Naval Daver, MD



Immune homeostasis is normally maintained by balanced interactions between numerous costimulatory and coinhibitory signals. Tumor-mediated deregulation of T-cell responses leads to evasion by tumor cells of T-cell immune response.8 The best- known receptors regulating T-cell activation or inhibition are the co-stimulatory receptors CD28, 4-1BB, CD27, CD80, and CD86, and co-inhibitory receptors cytotoxic T-lymphocyte-associated-protein 4 (CTLA- 4) and programmed cell-death protein (PD-1) with its ligands (PD-L1, PD-L2), respectively. Since the discovery of the inhibitory CTLA-4 receptor on the surface of T cells and the ability to unleash T cells by blocking the inhibitory CTLA-4 receptor,9 a large number of clinical trials with checkpoint inhibitors, mainly targeting CTLA-4, PD-1 or PD-L1, or both receptors, have been conducted in solid tumors. CTLA- 4 is expressed predominantly on the T cells in the lymph nodes and regulates early T-cell activation, primarily by downregulation of T-helper cells and upregulation of T-regulatory cells,9, 10 whereas the PD-1 pathway regulates in ammatory responses in the peripheral tissues by inhibiting effector T cells.11 (Figure 1). The fact that CTLA-4 and PD-1/ PD-L1 work at different levels in the immune system likely explains the demonstrated synergy when these agents are combined (Figure 2).12


The evaluation of immunotherapy in leukemia is supported by the observation that various clinically targetable checkpoint receptors and ligands are overexpressed on T cells in ltrating the leukemic microenvironment, as opposed to T cells in the bone marrow aspirates of healthy individuals.13 Daver et al evaluated 74 AML patients (36 untreated AML, 38 relapsed AML) to identify the degree and nature of T-cell infiltrate and the expression of a variety of checkpoint receptors and ligands on the T-lym- phocytes and blasts, respectively, in the bone marrow and peripheral blood in patients with AML, as compared with healthy donors.14 Among a variety of checkpoint receptors evaluated, they noted that the bone marrow aspirates from patients with AML had significantly more PD-1—positive T cells (including increased PD-1 CD8+, PD-1 CD4+FoxP3+CD127- negative, and CD4+FoxP3-CD127lo/+ T cells) as compared with healthy donors. The other checkpoint of interest that was identified was OX40, wherein bone marrow aspirates in patients with AML had significantly increased OX40-postive T cells. It has been reported that overexpression of PD-1 and CTLA-4 is associated with more aggressive leukemia15 and that PD-1 expression is increased at progression from MDS to AML or AML relapse. PD-1 blockade to enhance the antileukemia response, reduce leukemia organ infiltration and increase survival in murine models of AML.16, 17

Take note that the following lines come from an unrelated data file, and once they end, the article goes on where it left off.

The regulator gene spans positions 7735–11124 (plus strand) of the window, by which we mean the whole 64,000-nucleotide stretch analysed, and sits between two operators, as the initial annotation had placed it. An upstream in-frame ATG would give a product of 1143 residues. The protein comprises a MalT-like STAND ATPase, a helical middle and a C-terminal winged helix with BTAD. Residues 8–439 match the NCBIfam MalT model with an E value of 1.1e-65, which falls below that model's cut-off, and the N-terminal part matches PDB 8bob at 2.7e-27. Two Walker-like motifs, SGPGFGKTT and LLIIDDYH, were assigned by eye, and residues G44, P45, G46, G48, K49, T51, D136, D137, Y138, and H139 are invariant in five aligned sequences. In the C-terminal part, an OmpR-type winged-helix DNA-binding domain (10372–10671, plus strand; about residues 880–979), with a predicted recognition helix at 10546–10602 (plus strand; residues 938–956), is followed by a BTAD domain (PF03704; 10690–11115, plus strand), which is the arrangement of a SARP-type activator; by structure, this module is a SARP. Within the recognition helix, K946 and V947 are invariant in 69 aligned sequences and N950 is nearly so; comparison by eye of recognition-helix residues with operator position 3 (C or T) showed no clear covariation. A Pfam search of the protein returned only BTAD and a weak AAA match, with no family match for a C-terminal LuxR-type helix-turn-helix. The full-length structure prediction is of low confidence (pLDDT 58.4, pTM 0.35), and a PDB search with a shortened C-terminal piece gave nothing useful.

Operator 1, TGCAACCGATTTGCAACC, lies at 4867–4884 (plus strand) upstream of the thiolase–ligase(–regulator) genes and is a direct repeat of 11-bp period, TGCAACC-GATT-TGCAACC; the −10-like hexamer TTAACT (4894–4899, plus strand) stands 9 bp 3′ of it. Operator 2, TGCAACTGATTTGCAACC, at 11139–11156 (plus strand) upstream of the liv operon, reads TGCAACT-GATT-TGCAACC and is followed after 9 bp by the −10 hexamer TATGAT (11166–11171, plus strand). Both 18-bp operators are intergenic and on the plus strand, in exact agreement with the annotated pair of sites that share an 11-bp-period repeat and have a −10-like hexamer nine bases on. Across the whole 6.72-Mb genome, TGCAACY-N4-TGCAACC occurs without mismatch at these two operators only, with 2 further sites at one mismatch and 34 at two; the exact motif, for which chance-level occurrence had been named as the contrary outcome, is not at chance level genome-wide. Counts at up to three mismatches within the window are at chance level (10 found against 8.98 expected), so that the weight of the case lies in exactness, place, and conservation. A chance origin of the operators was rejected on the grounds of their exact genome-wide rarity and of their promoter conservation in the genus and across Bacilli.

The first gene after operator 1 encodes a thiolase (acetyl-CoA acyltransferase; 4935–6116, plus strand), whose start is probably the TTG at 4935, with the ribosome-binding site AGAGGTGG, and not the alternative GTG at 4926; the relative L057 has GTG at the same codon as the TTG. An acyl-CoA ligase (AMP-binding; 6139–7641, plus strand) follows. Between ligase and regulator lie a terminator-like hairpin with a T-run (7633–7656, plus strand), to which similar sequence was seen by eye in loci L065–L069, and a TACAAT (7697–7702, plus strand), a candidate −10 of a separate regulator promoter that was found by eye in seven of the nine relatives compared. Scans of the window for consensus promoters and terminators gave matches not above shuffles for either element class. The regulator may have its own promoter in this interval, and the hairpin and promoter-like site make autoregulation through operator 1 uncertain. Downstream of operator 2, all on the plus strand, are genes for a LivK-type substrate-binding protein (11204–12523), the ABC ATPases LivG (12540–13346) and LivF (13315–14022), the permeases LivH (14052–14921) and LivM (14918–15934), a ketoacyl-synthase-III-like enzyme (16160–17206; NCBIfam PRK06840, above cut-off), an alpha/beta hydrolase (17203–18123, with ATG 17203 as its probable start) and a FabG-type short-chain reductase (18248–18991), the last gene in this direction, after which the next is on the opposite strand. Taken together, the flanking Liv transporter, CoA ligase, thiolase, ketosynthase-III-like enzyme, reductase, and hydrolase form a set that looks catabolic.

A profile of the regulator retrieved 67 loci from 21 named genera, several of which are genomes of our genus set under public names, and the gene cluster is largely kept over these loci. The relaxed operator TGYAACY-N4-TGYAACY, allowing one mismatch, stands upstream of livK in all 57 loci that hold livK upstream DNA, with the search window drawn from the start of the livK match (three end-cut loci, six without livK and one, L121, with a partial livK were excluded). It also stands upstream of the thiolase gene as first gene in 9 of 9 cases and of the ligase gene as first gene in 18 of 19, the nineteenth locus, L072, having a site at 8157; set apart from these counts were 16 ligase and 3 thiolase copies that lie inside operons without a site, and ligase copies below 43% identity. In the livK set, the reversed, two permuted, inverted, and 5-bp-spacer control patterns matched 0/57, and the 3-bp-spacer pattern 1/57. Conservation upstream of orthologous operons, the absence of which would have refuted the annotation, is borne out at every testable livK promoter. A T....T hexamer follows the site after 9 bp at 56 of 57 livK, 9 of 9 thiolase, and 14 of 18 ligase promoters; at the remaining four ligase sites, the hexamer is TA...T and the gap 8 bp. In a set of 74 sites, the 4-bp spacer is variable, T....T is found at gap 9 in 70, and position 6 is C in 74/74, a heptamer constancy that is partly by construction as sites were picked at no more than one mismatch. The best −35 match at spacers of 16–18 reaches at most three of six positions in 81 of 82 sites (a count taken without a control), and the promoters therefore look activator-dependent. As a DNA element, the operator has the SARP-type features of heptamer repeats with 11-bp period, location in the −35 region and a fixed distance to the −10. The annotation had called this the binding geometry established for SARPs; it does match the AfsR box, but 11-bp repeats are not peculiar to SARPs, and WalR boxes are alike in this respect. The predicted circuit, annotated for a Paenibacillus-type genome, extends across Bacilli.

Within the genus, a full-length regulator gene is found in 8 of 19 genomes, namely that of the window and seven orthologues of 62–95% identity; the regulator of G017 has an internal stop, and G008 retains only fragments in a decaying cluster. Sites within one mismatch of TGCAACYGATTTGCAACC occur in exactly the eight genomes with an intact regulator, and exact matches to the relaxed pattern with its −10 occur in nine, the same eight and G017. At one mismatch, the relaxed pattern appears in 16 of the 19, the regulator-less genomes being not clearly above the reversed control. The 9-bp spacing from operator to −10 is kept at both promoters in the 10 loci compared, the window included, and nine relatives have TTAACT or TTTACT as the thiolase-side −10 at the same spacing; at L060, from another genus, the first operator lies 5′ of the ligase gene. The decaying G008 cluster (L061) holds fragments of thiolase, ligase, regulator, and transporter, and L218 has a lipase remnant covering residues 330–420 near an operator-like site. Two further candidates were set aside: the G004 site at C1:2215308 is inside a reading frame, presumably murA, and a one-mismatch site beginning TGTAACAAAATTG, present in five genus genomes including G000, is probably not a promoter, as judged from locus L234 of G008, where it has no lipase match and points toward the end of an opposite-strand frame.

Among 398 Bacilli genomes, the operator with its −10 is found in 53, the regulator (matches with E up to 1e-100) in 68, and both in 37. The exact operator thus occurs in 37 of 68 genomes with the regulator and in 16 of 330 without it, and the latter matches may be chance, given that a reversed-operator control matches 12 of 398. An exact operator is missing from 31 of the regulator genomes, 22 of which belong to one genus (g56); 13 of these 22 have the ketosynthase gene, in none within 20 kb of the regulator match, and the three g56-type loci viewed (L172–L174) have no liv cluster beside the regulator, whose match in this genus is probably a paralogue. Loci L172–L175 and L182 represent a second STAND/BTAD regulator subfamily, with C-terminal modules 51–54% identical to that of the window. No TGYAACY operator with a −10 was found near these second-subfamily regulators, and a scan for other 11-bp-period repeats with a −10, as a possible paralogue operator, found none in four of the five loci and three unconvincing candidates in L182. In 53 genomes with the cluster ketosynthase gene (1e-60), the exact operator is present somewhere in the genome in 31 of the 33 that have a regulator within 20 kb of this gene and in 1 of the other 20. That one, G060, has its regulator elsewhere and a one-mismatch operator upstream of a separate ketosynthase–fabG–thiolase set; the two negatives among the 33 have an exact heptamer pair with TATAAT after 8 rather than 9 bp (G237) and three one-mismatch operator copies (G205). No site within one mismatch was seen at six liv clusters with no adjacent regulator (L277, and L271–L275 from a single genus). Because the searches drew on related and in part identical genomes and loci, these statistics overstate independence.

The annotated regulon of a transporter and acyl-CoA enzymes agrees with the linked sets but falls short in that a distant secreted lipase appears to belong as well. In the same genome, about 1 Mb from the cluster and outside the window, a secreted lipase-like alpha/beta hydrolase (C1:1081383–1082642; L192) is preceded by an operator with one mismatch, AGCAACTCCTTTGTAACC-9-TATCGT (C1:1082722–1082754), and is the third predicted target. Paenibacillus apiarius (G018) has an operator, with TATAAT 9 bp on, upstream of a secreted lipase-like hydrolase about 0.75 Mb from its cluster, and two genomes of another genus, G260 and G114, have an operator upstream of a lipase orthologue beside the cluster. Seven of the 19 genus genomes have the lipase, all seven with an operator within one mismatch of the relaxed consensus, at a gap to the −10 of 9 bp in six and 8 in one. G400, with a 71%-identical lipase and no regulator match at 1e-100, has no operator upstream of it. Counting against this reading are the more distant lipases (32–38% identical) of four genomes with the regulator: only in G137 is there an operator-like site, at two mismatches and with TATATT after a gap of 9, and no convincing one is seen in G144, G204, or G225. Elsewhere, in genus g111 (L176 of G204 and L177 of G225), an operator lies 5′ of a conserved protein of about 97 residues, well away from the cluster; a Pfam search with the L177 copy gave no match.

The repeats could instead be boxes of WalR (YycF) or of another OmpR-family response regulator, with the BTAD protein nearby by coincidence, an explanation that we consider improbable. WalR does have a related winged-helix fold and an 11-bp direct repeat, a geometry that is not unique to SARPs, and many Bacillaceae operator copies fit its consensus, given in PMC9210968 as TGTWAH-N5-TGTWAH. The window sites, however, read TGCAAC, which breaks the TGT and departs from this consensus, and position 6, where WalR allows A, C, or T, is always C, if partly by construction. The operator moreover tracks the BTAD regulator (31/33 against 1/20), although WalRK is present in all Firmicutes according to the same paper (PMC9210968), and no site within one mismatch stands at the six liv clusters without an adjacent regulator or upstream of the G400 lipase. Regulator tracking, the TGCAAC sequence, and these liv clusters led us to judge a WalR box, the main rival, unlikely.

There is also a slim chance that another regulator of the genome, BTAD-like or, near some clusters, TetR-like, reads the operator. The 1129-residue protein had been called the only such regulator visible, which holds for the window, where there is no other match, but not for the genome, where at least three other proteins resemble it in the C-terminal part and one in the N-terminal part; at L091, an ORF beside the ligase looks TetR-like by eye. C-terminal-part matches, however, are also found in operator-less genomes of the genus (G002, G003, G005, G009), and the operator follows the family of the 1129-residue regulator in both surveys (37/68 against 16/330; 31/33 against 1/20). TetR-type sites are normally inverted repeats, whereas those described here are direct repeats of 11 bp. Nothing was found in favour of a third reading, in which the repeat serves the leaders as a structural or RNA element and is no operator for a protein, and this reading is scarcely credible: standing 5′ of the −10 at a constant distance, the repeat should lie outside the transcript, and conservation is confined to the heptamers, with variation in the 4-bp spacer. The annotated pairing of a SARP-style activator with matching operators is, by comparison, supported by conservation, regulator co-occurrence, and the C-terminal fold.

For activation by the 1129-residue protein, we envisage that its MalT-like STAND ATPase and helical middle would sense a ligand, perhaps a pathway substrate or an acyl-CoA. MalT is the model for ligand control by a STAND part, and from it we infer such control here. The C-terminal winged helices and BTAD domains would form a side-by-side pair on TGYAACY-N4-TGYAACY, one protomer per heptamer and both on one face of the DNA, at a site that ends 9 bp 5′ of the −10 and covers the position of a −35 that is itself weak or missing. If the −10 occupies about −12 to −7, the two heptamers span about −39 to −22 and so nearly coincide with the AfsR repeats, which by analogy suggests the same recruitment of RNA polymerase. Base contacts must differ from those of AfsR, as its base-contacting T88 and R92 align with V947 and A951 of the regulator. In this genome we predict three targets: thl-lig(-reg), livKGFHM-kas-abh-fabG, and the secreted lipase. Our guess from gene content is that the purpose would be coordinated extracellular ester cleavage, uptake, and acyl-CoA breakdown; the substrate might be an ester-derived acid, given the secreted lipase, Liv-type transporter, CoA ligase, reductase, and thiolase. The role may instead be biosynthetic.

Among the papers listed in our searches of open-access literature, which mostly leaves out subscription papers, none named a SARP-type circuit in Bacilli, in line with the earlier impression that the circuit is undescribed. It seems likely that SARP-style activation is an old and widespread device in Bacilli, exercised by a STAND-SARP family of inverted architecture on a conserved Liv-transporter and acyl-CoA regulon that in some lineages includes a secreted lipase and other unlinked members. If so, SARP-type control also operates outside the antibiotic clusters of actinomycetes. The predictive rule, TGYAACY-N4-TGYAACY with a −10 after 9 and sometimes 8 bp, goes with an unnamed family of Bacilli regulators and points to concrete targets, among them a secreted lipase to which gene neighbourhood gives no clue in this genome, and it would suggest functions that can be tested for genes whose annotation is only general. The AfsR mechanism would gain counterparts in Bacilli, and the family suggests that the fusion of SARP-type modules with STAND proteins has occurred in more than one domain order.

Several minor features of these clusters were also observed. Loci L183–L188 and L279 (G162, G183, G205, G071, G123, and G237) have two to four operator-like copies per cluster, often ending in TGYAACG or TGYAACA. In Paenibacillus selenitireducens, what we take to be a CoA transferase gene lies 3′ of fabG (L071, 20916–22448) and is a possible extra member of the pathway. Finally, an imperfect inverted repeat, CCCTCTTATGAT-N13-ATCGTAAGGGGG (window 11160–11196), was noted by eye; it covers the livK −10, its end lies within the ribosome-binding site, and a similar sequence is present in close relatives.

A phase I study of the PD-1 inhibitor pidilizumab in hematological malignancies including 9 patients with AML/MDS, showed safety, yet minimal response as a single agent with only 1 patient achieving a stable disease response.18 CTLA-4 inhibitor ipilimumab showed disease stabilization in 45% of patients with high-risk MDS in a phase I study (5 of 11), 4 of whom had a durable response >6 months. Grade 3 immune related adverse events (AEs) were noticed in 7 patients (63%) and were easily managed with steroids.19 A recent study highlighted the ef cacy of ipilimumab as a single agent in post allogeneic stem cell transplant (post-ASCT) relapsed AML. Twenty- eight patients were treated, including 12 patients with relapsed AML (including 3 patients with leukemia cutis). Complete responses were seen in 5 (42%) patients with AML, including 3 patients with leukemia cutis, and 4 patients who had durable responses for >1 year. This compares favorably to historical outcomes with post-ASCT relapsed AML, where expected response rates are 15% to 20% and <10% are expected to be alive at 1 year. Immune-related AEs were observed in 21% of patients (n = 6), including 1 death and graft versus host disease precluding further administration of ipilimumab in 14% (n = 4).20